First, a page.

When I looked up information on Syder Arcade, it promised me a return to the olden days of shoot ’em up gaming; days of such vicious difficulty that all you could do was pray or hurl profanities at your computer screen. It promised me crushing defeat against nearly-insurmountable odds. It promised me the hopelessness of my childhood run-ins with floods of enemies that I couldn’t hope to defeat. And, dear friends, Syder Arcade has delivered on those promises.
To say that the game hails back to retro-arcade action is perhaps dismissive of the fantastic polish and excellence it contains. While the gameplay is like something out of a 1980s floppy disk, the graphics and general feel are squarely modern – though, to be fair, the game touts a long list of graphics filters that emulate some of the old greats of previous generations. Ranging from 4bit greyscale through VGA640 and with a wide array in between, the game allows you to play through a nostalgic lens that doesn’t hinder the rest of the experience.
As you can see, things get hairy – and they do so quickly; the above shot is from early in the second story mission, which took me some time to get through. Once a mission is unlocked, the player can begin there with any of Syder Arcade‘s four ships; as an added bonus, any powerups you’ve collected with a ship will carry over in to further levels — even on later runs! The powerups are tied to the ship you used to get through the preceding level, but if you complete a level with more than one of them, each will carry over the bonuses they had. This tiny little mechanic is a life-saver, since the difficulty ramps up quickly and that extra kick in your step becomes extremely valuable.
I had the most success with the Wasp, a machine-gun equipped ship with little armor but decent speed and equipped with a homing missile swarm Special Attack. The other ships to choose from are the Dart, a speedy little number with lasers and a beam-attack Special; the Mule, a slow but heavily armored brute with a powerful plasma weapon and ‘gravity well’ Special that brings in damage-dealing projectiles to surround you; and, last but not least, the insect-looking Overseer, another fast ship set up with helix-firing particle beams and the ‘wraiths’ special, which calls in ghostly protection from fallen allies that can absorb incoming fire.The Mule’s Gravity Well pulls in a number of bullet-absorbing, enemy-smashing space rocks to add to the ship’s already-formidable defensive capabilities.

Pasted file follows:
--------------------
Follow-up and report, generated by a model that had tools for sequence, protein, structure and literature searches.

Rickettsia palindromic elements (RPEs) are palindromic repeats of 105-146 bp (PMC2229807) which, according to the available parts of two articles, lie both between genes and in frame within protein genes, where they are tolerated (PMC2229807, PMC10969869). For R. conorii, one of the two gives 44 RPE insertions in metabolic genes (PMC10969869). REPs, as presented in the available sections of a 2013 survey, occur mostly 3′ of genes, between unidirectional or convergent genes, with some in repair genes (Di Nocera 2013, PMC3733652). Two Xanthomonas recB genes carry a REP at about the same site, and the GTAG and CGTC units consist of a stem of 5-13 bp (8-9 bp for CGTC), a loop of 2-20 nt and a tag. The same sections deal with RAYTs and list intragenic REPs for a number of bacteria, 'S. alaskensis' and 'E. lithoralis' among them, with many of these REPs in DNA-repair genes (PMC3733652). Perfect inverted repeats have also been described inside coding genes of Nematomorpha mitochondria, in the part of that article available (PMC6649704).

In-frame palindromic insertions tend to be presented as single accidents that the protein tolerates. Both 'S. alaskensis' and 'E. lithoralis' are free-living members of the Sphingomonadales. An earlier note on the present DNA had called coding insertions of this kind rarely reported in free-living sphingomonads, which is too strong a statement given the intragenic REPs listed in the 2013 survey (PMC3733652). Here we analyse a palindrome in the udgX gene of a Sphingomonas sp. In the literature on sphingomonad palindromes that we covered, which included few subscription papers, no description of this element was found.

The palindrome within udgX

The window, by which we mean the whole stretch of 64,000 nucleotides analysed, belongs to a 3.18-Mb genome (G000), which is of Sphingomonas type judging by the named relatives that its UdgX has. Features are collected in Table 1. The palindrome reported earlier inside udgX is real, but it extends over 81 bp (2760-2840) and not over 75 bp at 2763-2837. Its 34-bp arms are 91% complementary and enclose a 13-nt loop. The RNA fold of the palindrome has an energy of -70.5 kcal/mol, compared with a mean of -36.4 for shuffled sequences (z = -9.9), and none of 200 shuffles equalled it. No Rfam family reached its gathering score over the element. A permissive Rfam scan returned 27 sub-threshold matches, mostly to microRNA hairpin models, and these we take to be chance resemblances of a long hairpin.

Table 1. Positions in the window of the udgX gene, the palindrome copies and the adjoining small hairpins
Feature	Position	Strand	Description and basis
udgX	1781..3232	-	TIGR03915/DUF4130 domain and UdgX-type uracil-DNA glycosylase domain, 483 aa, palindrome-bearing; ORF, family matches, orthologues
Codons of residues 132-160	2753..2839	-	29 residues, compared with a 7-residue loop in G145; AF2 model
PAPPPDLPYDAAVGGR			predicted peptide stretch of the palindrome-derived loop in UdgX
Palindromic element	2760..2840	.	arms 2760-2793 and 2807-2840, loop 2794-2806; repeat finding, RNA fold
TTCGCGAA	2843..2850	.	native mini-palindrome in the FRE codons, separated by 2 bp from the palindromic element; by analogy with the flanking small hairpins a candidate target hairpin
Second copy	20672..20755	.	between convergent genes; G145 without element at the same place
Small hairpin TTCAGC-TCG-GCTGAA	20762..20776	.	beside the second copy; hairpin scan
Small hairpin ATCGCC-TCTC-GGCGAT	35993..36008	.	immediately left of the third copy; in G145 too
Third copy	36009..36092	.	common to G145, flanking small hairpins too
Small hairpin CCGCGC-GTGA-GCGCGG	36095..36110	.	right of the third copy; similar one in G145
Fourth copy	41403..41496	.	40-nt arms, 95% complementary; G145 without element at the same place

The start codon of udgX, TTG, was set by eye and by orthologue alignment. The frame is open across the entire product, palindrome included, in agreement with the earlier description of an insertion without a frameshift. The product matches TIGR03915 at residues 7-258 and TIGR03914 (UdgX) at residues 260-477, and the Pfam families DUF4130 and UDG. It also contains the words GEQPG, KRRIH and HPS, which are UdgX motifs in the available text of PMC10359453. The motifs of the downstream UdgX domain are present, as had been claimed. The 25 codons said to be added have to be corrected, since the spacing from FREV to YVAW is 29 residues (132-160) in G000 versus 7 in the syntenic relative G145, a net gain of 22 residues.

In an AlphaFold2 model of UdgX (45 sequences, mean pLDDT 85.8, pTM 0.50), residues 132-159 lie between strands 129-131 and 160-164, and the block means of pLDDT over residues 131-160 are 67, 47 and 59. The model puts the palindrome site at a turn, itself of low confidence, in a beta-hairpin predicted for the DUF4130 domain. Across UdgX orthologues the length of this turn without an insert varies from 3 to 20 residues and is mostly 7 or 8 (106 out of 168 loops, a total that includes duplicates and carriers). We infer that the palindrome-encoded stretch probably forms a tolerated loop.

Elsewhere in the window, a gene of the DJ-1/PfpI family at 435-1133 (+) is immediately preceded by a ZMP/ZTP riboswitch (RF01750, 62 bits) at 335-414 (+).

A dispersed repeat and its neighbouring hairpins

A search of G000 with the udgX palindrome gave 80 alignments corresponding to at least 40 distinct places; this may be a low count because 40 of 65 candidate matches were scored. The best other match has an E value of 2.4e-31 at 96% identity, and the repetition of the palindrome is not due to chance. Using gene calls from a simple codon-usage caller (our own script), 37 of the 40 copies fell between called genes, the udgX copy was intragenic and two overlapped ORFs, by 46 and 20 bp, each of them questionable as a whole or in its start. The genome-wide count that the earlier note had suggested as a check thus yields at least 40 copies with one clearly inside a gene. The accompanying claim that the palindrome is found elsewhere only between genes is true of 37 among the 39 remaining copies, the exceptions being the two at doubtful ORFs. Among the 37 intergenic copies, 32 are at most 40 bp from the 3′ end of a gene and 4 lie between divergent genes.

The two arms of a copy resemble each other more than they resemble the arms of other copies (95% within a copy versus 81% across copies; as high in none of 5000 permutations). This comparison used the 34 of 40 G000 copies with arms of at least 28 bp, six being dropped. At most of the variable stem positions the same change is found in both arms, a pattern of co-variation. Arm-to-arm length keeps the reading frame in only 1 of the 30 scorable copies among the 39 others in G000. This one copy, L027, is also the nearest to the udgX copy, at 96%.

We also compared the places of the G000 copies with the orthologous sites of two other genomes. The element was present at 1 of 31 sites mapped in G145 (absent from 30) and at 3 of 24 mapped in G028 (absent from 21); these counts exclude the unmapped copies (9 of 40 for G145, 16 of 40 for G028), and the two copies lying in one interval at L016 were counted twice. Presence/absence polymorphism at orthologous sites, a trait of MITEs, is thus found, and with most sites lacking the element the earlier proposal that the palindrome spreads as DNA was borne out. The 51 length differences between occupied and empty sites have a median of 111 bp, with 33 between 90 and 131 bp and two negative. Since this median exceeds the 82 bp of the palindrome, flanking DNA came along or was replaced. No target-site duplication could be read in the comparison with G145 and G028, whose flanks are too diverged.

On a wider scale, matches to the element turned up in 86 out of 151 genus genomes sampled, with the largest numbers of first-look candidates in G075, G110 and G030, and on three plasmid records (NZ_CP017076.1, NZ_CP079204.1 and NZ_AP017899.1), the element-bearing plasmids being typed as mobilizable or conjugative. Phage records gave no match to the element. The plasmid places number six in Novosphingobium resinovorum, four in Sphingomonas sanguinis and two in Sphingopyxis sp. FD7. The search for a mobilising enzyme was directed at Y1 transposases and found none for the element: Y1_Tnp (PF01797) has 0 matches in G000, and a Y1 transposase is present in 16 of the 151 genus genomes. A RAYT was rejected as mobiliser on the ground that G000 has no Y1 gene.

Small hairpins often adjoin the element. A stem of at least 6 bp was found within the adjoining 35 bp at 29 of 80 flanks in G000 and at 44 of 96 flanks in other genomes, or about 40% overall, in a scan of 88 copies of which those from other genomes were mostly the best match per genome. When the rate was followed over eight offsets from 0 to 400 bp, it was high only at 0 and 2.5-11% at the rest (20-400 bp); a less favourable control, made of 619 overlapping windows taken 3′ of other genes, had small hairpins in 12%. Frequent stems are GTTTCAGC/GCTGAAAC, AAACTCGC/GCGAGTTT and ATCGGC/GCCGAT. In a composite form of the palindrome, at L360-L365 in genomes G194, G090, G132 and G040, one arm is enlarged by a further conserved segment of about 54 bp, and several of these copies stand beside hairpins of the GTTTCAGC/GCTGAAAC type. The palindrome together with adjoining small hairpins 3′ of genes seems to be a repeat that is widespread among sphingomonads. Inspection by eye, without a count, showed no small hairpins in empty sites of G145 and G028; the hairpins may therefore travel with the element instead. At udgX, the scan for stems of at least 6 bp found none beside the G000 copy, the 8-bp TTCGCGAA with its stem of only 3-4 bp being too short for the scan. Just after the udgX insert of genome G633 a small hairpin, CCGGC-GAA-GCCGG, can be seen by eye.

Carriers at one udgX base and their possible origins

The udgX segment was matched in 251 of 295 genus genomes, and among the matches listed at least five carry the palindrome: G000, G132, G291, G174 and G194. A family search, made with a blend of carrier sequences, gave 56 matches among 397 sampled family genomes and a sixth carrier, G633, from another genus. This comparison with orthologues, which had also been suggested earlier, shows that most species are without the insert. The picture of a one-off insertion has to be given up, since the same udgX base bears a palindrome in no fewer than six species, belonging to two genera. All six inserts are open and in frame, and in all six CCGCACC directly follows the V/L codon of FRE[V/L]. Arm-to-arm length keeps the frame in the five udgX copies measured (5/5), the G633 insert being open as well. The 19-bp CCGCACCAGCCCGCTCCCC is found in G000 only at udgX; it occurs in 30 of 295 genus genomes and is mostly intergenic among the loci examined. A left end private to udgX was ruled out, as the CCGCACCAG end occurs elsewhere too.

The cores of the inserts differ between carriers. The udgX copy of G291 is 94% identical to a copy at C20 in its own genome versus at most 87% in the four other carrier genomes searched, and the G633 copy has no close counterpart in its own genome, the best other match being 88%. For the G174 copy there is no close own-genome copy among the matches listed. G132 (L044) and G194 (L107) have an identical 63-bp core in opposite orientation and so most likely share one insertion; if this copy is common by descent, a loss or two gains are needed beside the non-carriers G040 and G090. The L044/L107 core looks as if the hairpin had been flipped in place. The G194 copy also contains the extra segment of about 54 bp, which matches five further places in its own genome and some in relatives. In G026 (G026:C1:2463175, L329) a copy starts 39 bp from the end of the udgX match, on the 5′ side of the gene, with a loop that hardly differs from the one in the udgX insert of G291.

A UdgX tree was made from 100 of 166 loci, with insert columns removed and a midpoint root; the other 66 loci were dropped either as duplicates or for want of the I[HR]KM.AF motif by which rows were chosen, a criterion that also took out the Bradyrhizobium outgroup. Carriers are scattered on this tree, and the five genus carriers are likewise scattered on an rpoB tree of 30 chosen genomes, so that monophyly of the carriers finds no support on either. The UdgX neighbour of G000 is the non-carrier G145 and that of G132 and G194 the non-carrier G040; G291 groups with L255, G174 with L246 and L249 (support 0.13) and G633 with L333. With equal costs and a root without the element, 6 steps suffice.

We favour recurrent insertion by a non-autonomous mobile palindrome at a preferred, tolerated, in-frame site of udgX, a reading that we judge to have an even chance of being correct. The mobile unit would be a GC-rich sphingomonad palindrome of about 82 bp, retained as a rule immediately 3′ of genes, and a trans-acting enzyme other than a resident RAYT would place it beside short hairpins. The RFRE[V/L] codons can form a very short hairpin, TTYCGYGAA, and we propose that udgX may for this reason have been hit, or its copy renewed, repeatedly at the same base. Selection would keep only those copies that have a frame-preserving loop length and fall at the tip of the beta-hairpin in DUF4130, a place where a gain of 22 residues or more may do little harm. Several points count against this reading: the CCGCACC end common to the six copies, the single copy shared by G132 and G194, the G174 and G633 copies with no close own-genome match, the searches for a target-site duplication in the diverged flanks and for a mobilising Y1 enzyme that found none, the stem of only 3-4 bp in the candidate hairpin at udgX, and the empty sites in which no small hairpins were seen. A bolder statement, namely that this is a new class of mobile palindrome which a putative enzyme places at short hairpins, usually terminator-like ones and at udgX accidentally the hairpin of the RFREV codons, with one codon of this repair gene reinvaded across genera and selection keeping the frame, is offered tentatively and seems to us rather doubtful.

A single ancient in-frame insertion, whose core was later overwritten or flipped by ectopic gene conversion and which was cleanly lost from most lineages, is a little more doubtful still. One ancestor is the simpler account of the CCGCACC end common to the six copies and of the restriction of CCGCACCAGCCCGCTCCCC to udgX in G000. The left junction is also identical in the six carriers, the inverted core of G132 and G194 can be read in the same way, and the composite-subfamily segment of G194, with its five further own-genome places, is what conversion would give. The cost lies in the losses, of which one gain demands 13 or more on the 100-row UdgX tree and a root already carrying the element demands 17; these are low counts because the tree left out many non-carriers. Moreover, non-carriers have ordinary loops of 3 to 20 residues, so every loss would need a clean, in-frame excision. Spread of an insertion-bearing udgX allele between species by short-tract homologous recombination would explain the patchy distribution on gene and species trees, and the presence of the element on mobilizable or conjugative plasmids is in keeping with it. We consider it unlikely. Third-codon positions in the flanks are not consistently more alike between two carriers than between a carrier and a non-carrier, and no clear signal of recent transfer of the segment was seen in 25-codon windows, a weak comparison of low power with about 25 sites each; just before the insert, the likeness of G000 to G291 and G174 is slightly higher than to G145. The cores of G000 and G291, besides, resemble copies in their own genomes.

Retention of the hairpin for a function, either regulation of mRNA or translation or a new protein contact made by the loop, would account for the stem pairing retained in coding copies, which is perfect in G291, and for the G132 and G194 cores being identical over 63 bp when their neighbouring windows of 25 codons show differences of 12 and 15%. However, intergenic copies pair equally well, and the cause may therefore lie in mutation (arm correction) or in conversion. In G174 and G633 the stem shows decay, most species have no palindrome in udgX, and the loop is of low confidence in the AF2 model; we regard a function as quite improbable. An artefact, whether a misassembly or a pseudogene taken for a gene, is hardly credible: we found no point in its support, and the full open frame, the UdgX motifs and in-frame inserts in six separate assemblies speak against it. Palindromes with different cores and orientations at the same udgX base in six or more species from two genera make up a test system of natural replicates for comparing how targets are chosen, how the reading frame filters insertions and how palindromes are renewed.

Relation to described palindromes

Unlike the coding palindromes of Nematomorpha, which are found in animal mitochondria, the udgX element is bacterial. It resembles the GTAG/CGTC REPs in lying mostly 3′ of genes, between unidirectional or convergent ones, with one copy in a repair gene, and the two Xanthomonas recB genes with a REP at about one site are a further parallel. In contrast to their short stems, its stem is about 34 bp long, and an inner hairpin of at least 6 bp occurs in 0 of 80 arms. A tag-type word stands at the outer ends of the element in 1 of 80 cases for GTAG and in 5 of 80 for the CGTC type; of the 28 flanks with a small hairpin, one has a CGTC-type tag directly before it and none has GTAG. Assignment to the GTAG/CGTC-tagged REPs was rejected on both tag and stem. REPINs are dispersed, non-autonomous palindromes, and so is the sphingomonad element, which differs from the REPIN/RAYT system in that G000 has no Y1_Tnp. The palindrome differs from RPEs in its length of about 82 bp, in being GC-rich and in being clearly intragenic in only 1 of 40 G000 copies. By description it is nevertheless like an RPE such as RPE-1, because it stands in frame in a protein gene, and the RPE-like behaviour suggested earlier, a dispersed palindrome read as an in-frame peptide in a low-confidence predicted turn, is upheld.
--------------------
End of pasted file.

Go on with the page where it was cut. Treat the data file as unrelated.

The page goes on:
Along with the story missions, Syder Arcade offers some Survival levels; two of which simply pit the player against endless waves to compete for best time, and one which is a race against time through a treacherous ice canyon framed as a ‘training mission’. Each mode/mission has enough to offer that I’ve been back to all of them more than once, trying out different ships to see if I could sway the outcome in my favor, but the end result is always the same – a hopeless defeat against crushing odds. Again, though, that’s the charm of it, I think – it hearkens to a time when game design didn’t care if a player won or lost, just that they enjoyed the time they spent playing.
In closing, I really enjoyed this game quite a lot; it’s got a ton of classic-style fun jam-packed into a very refined package, and with a 50% of sale through January 2nd bringing the price down to $4.99, I wouldn’t hesitate to recommend it. I’m not sure I’d get behind the standard $9.99 tag for anyone that’s not an established arcade-shooter fan, but for those who yearn the unforgiving games of old, it’s a solid game that gives a genuine heartfelt nod to a genre long since left in the wake of modern design.
[+Captures the feel of games gone by] [+Intense action] [+Great powerup and special-attack system] [+Beautiful modern graphics] [-Flat sound design] [-Ill defined scoring systems]